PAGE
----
NEW YORK (Jan. 30)
An expert in recruitment of Jews for the city’s police department declared today, in rebuttal to a U.S. District Court ruling that the police examination last June discriminated against Blacks and Hispanics, that it was impossible to devise a test which would meet Civil Service standards and still assure that a given proportion of test-takers from minority groups would pass.
Louis Weiser, a retired police officer who is president of the Council of Jewish Organizations in Civil Service, made that comment at a press conference convened at the America-Israel Friendship House here by a coalition representing eight ethnic police and civil service organizations.
The press conference was called to express the coalition’s concern over the Jan. 11 ruling by Federal Judge Robert Carter that the tests were discriminatory and ordering a 50 percent quota for Black and Hispanic appointees from the list of candidates who passed not only the written examination last June but also physical, medical and psychological tests.
Carter’s ruling left the city with the option of either accepting the Judge’s quota order or of suspending new appointments, pending the outcome of further legal action. The city chose to appeal, suspending new appointments as of this month.
Weiser had said previously that 18 to 20 successful Jewish candidates would have been “bumped” if the city had accepted Carter’s quota appointment order. He also said that a lengthy delay in resumption of appointments because of the pending legal battle would almost certainly lead to some of the Jewish candidates deciding to look for jobs elsewhere.
The legal battle began when the Guardians Association, representing Black police officers, and the Hispanic Society of Police Officers filed suit in federal court in Manhattan, charging that the June examination was biased against minority group members who were at a disadvantage because of the allegedly inferior education they had received in city public schools.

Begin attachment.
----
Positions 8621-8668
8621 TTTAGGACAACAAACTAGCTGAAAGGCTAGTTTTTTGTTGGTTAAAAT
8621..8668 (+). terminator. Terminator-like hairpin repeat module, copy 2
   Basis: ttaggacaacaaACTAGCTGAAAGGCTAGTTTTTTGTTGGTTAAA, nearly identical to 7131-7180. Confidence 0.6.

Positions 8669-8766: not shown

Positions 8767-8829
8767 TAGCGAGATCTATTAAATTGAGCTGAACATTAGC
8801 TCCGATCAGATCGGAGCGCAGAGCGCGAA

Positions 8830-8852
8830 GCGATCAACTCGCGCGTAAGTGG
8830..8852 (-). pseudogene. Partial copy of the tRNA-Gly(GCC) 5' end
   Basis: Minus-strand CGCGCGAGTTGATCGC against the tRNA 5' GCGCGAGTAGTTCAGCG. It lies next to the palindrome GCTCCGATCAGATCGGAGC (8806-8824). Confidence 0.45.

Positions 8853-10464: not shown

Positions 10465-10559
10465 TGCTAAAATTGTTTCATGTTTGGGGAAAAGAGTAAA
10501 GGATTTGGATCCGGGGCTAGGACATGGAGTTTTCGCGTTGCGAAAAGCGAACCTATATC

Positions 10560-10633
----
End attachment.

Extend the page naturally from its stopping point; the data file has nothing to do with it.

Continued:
The city, in a brief submitted on Jan. 14 to the federal Court of Appeals for the Second District, asked the Appeals Court to stay Carter’s preliminary injunction. The Appeals Court refused, but did promise to speed up a hearing an the city’s appeal and set a date for that hearing for Feb. 5.
Weiser said a friend of the courts brief from the coalition had been accepted by the Appeals Court. The brief was submitted on behalf of the eight organizations which sponsored the press conference today. They are the Columbia Association, the Emerald Society, the Pulaski Association, the Shomrim Society and the Eastern Orthodox St. Paul Society — all made up of police officers — and the Council of Jewish Organizations in Civil Service, the National Conference of Shomrim Societies, and the Grand Council of Steuben Societies in Civil Service.
Weiser also pointed out, at the press conference, that the police department had taken “extraordinary measures” in an effort to assure that the June test was not only job-related but also non-discriminatory and culturally unbiased. He said the examination was based on an eighth grade reading level, as certified by education expert though the test materials which every recruit must pass at the Police Academy are at college level standards.
He said that among the “extraordinary measures” were job studies and study of performance records to determine essential qualities for effective performance by police officers. He added that the recruitment and training process for police last year was praised by both the Guardians Association and the Hispanic Society as for back as last April. The police department reported that 36,747 persons took the test and 13,749 passed it.
Weiser said proof the test’s fairness was the fact that according to figures submitted by the Guardians Association and the Hispanic Society, more than 2000 minority candidates passed the test, representing 15.5 percent of the total number of passing candidates.